John 14:6 

  36. #27
    Points: 6,655, Level: 56

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    Chris, I am familiar with the Pacific Northwest; we lived in Gig Harbor for four years in the 80s--seems like a lifetime ago. I was still in the Army at then-Fort Lewis and we opted to buy a home on the Olympic Peninsula because we fell in love with the community, the church and the schools for our two grade school kids. This was so long ago that there was little traffic on The Narrows Bridge and my commute was fast and wonderful. However, it was also pre-motorcycle days for me (I took a long break while raising a family, like a lot of guys). We explored--by car--all over the areas and roads you talk about and it brings back wonderful memories. I have been back to the area for short visits on several occasions; my wife and I enjoy flying to the Seattle area over long weekends, eating the food and riding the ferries. Plus I have ridden there on my motorcycle several times also in the past 10-15 years. Were it not for family considerations in the Oklahoma area, we would likely have retired in the Pacific Northwest and would be living there now. You are a lucky guy.
    Royce
    On the coast of Kansas
    2012 F800ST
     

  37. #28
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    Just after lockdown restriction’s eased we decided to go away for a couple of days. We pointed to somewhere on the map which we had not heard of and decided to go there. We ended up in a place near Seaton Down which is just inside the border between Dorset and Devon. The ride down from Kent was very nice. Unfortunately we had to do a little motorway which I try to avoid if possible. Some cracking country roads and views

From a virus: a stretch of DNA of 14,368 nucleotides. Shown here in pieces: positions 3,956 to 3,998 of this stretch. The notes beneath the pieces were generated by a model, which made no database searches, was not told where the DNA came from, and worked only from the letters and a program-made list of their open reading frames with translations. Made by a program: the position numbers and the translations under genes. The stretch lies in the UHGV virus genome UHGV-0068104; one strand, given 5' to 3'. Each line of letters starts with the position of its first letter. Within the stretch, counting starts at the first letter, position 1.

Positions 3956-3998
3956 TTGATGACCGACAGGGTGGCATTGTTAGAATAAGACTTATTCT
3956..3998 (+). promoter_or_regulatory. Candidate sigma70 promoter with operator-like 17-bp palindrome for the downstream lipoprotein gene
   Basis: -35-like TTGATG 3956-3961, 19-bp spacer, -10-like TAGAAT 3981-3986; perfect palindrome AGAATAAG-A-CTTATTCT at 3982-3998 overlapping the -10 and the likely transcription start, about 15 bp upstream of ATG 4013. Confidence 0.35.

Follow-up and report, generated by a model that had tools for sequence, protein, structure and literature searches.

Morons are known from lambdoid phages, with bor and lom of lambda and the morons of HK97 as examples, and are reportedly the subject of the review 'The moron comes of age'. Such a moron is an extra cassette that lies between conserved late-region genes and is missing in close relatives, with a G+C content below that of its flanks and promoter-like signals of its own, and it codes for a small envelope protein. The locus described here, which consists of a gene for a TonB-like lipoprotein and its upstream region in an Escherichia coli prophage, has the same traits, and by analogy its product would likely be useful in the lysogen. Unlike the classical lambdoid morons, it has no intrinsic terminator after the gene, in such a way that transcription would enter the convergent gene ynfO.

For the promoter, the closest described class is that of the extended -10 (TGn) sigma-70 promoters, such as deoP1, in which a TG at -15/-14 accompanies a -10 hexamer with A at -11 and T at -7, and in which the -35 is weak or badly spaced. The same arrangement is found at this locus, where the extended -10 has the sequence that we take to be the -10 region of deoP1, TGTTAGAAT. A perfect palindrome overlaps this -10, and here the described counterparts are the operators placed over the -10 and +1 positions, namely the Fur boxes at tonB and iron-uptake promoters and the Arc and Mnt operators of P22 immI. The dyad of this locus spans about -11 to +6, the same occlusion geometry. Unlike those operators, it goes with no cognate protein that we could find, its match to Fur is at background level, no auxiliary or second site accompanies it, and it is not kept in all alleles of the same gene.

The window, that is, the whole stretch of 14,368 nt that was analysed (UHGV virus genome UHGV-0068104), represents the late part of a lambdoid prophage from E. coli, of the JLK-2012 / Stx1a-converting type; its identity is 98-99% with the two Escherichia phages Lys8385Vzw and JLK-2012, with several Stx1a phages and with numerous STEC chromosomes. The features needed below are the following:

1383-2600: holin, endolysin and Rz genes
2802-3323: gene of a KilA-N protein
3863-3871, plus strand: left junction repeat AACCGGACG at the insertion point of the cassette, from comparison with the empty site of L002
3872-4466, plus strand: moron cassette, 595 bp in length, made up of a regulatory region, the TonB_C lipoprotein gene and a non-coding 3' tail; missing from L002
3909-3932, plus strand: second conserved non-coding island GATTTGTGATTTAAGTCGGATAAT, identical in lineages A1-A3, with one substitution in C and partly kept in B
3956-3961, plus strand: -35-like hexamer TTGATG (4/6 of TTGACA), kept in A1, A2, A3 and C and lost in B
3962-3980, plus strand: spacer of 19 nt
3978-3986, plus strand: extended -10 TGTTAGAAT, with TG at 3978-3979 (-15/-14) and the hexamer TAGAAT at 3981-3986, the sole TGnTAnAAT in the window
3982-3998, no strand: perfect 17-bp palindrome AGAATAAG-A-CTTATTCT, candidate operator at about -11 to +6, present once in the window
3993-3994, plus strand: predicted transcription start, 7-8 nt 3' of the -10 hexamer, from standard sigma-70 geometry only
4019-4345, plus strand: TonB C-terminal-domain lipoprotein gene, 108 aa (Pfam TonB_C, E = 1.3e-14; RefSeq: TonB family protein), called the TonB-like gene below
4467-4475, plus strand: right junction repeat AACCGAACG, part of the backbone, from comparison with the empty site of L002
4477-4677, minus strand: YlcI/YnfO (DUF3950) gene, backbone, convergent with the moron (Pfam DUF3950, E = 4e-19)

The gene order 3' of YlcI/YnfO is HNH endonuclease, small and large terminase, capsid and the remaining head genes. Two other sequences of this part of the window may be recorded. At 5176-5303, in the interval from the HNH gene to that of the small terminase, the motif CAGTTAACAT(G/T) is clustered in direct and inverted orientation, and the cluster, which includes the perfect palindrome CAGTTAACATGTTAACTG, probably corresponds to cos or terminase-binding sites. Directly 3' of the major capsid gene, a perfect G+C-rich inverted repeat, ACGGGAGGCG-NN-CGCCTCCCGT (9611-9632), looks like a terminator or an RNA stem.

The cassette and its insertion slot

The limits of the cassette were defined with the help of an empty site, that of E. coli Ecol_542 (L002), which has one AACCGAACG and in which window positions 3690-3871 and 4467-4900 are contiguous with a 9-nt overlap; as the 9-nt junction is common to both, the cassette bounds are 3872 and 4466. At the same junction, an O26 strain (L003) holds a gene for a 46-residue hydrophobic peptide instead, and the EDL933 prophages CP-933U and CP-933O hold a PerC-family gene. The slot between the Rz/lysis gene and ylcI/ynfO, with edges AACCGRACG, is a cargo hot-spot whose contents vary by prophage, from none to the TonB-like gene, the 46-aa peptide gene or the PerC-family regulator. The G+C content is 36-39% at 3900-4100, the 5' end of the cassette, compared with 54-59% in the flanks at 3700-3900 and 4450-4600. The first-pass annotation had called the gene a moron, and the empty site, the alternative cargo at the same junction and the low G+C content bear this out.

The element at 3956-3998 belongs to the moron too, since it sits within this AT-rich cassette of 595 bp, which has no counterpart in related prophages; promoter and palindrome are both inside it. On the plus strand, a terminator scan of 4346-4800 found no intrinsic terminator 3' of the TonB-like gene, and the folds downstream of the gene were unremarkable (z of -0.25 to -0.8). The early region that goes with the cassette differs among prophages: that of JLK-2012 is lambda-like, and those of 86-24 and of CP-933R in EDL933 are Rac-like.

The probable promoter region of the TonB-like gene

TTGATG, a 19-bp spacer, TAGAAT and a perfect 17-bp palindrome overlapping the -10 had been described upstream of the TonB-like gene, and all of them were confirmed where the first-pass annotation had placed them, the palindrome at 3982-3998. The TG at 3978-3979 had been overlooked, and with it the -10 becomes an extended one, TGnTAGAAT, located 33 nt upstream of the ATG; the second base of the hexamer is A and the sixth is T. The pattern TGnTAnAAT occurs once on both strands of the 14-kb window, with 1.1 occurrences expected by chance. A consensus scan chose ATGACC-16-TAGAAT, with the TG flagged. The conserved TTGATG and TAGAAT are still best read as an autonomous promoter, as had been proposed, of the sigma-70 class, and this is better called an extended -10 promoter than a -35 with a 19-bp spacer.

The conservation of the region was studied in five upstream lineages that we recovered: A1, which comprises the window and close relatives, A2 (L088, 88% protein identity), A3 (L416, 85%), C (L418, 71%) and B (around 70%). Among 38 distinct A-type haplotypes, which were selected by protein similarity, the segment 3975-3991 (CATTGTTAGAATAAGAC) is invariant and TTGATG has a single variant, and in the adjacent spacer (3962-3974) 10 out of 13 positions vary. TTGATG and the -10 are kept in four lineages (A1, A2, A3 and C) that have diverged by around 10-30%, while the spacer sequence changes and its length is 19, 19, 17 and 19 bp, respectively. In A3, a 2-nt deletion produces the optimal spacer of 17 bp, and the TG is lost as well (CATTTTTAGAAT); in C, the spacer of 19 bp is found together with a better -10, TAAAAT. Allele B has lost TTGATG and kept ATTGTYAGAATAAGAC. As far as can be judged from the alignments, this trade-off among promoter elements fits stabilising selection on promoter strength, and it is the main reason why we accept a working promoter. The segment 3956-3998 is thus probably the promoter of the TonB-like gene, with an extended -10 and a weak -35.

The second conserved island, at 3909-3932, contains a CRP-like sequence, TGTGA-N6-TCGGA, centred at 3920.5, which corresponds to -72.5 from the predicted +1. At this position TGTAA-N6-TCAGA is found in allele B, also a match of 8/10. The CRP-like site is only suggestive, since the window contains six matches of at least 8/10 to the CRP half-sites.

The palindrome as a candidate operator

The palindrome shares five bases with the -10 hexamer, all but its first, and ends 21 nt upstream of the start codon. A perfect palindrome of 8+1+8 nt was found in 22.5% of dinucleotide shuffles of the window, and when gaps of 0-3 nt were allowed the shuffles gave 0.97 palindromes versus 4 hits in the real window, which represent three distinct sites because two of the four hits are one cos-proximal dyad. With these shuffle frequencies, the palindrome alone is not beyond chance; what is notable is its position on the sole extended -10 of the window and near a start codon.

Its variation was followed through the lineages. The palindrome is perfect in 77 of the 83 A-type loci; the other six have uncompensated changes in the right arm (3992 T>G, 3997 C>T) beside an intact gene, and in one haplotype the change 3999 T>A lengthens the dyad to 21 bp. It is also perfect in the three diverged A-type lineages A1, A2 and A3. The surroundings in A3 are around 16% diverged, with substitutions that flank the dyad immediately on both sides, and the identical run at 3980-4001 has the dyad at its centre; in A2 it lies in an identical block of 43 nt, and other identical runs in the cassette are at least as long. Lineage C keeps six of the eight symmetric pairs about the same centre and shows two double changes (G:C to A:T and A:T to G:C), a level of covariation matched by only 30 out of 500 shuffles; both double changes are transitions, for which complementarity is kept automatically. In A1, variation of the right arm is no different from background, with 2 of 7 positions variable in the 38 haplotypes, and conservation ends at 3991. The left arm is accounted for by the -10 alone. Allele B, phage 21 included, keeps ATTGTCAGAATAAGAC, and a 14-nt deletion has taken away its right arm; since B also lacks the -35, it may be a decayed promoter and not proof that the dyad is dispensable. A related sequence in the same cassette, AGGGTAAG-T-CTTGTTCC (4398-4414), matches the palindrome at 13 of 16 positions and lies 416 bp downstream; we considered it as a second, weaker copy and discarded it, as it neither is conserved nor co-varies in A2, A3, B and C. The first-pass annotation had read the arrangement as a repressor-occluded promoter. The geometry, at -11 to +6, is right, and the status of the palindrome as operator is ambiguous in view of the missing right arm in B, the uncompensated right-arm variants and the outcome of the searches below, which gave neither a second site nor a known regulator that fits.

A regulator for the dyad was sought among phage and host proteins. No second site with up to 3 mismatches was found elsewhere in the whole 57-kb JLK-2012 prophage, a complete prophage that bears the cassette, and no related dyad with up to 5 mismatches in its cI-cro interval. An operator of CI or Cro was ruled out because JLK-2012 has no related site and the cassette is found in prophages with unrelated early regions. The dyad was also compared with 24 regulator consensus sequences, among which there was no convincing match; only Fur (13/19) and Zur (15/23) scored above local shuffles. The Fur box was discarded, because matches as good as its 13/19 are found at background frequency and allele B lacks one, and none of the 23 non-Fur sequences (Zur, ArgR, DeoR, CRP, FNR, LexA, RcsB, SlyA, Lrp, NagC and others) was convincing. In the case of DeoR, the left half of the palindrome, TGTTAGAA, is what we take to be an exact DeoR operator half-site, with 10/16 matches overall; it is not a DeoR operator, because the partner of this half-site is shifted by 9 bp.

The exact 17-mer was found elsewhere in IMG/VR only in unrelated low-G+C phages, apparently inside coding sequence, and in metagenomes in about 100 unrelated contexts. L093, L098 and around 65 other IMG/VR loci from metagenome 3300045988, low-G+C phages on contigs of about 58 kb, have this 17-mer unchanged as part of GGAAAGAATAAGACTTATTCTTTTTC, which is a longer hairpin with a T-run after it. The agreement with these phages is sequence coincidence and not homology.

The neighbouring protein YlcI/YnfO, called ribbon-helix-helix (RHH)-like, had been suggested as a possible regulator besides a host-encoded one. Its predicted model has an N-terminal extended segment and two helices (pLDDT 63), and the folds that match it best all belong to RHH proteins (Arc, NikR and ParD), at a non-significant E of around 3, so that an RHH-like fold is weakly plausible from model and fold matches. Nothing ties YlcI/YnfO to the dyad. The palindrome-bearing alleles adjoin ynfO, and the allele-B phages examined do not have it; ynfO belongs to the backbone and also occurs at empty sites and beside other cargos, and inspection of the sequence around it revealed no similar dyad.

Very nice part of the world down there. We stayed in a farmhouse in a rural location. Cracking place and very nice breakfast too.

    We rode back home via a place called Tollpuddle. My daughter is studying English history and one of the topics is covering the Tollpuddle martyrs so we decided that that would be a good place to stop off on ride back. Lovely quiet village. We also stopped at a couple of farm shops for some coffee etc.

    Really nice couple of days. We covered about 500 miles.

    We plan another ride in a couple of weeks’ time. Somewhere within 150Miles of London. Probably heading East not yet sure.

    Safe riding folks!!!!

  38. LikesRichard230, Daboo liked this post
  39. #29
    Daboo's Avatar
    Points: 49,243, Level: 100

    Real Name
    Chris
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    I loved the five years I lived in England. If I had been closer to retiring, I think we would've stayed there. The roads are wonderful for motorcycling.

    Do you have any pictures?

    Chris
    Elnathan - 2014 BMW F800GT
    IBA# 49894 True Rounder = 0-20's - Rounder -- to -- 100's+ Red Hot Rounder

    John 14:6 

  40. #30
    Points: 5,589, Level: 51

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    Quote Originally Posted by Daboo View Post
    I loved the five years I lived in England. If I had been closer to retiring, I think we would've stayed there. The roads are wonderful for motorcycling.

    Do you have any pictures?

    Chris

    Hi Chris,

    Sorry but I didnt really take any pics. I must remember to take some decent pics on my next trip out and share on the forum

  41. LikesDaboo liked this post